The value of the IoT for Electric Motors

Automotive IoT 

Cees Links, GM of Qorvo Wireless Connectivity Business Unit - Qorvo

May 24, 2018


The Internet of Things, with the great amount of data it generates, produces real value, perhaps in ways you would not consider. We always think of smart homes, but industrial environments, and especially electric motors, can be a good example of the true value of the IoT.

Electric motors, an essential tool of industrial life

Electric motors come in all sizes and we all have a lot of electric motors in our homes — in our vacuum cleaners, fridges, freezers, garage door openers. Many toys also have miniature electric motors, like the locomotives in model trains.

Factories are particularly equipped with electric motors, used for all kinds of jobs that can be done with motion: lifting, pressing, pumping, sucking or drying. Electric motors are the workhorses of industry today. They’re also used in areas that are too dusty, dangerous or difficult to reach by human effort. In short, modern industrial life doesn’t exist without the electric motor.

Electric motors are mechanical devices, so it’s no surprise that they go down occasionally. Statistics show a failure rate of 7% per year; on average, an electric motor stops working once every 14 years. This is a result that should not be underestimated: for a factory with a hundred electric motors, that means one motor is down just about every month. One motor going down sometimes means a whole production line going down, which can become very expensive, very quickly; and a motor failure can come with incredibly unfortunate timing, like just before that critical order has to be delivered to your most important customer.

To reduce unexpected downtime, factories employ maintenance crews. Maintenance of electric motors is an important part of their efforts, but it’s also expensive. 

There are several approaches to maintenance, with “preventive maintenance” being the most logical. If you know how long on average an electric motor runs, you can estimate how often to do maintenance. To be on the safe side and avoid complete motor failure, the maintenance most often occurs too early. In these cases, it is not unusual for well-functioning parts that are still in good condition to be replaced — preventively, just to be sure. On the other hand, for some motors, maintenance occurs too late. Finally, preemptive maintenance does not guarantee against a new problem occurring shortly after maintenance took place.

Despite these drawbacks, preventative maintenance is probably better and more cost-effective than the “run-to-failure maintenance” alternative. That approach typically results in motor replacement, because repairing a rundown electric motor on the spot is usually not simple. 

A better maintenance strategy may be condition-based maintenance. Generally, before electric motors go down, they start to show irregularities like noise, imbalance, drag, etc. So, a maintenance specialist goes to every electric motor and “listens” to it with the appropriate tools — much like a doctor with a stethoscope. Depending on the environment this may be an easy job or a difficult and even a dangerous one. And, of course, the doctor cannot be everywhere at once. Here is where the IoT comes in!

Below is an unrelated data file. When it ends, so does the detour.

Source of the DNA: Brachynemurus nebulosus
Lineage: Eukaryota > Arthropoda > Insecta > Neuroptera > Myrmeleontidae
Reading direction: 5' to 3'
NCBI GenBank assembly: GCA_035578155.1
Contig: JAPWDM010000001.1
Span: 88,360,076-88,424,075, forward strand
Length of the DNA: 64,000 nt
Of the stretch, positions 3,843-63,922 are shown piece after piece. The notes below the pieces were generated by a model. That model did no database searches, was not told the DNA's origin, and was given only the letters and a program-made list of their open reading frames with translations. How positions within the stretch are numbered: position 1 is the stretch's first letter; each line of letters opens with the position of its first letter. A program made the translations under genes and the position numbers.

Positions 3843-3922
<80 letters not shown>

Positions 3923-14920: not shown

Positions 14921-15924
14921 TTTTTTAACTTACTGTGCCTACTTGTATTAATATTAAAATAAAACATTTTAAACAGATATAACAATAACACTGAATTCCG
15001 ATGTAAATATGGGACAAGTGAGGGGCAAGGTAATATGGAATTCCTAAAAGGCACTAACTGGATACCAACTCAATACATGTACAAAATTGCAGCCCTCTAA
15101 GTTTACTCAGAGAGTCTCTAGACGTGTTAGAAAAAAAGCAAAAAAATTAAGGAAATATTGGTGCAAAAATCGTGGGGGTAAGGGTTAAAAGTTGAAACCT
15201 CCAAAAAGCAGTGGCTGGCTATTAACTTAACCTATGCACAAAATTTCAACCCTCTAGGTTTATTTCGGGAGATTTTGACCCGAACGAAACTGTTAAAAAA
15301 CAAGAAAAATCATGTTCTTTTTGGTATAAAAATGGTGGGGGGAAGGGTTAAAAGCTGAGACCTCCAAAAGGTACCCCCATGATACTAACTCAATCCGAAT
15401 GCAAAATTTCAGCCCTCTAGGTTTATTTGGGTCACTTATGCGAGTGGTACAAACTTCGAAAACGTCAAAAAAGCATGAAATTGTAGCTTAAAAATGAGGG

Condition-based maintenance: Made stronger with AI and IoT

With the IoT, every electric motor on a factory floor is equipped with one or multiple sensors that are connected (preferably wirelessly) to a control database that continuously collects data about the motors. The control database can use artificial intelligence (AI) to learn normal behavior for every motor and then, after a short period of learning, it can generate immediate alerts when deviations from that normal occur. In other words, the IoT combined with AI not only sees problems coming, it continuously scans for problems.

Keep in mind that this control database doesn’t need to be programmed. It can simply be fed with data and then learns by itself “automatically” what is normal behavior and what are exceptions. When a problem occurs, it sends an immediate alert, which in many cases avoids total motor failure and replacement. This kind of smart alert also allows the treatment to match the problem when it starts to manifest, rather than general maintenance that may be too early, too late or miss the pending failure completely. Depending on the severity of the problem and alert, the motor’s downtime can even be planned to minimize any disruption to operations.

Finally, this kind of sensor-based data collection is far more precise and thorough than anything humans could achieve. A slow deterioration of the quality of any given electric motor will continue undetected by human eyes and ears until a serious problem develops or failure occurs, but the IoT will notice even the smallest shifts in normal performance over a longer period of time.

The true value of the IoT

Today, we waste a lot of resources and money making wrong decisions and/or making decisions too slowly, like replacing an electric motor when it is not the right time as we saw previously. The promise of the IoT is that we can now collect cost-effective data that already exists, but that we never captured. And we can capture this data continuously, and quite effortlessly, in enormous volumes. When it is combined with AI, we can learn from it to make better decisions, faster. And this is exactly where the value of the IoT is today, and will be tomorrow.

 
Qorvo  
United States
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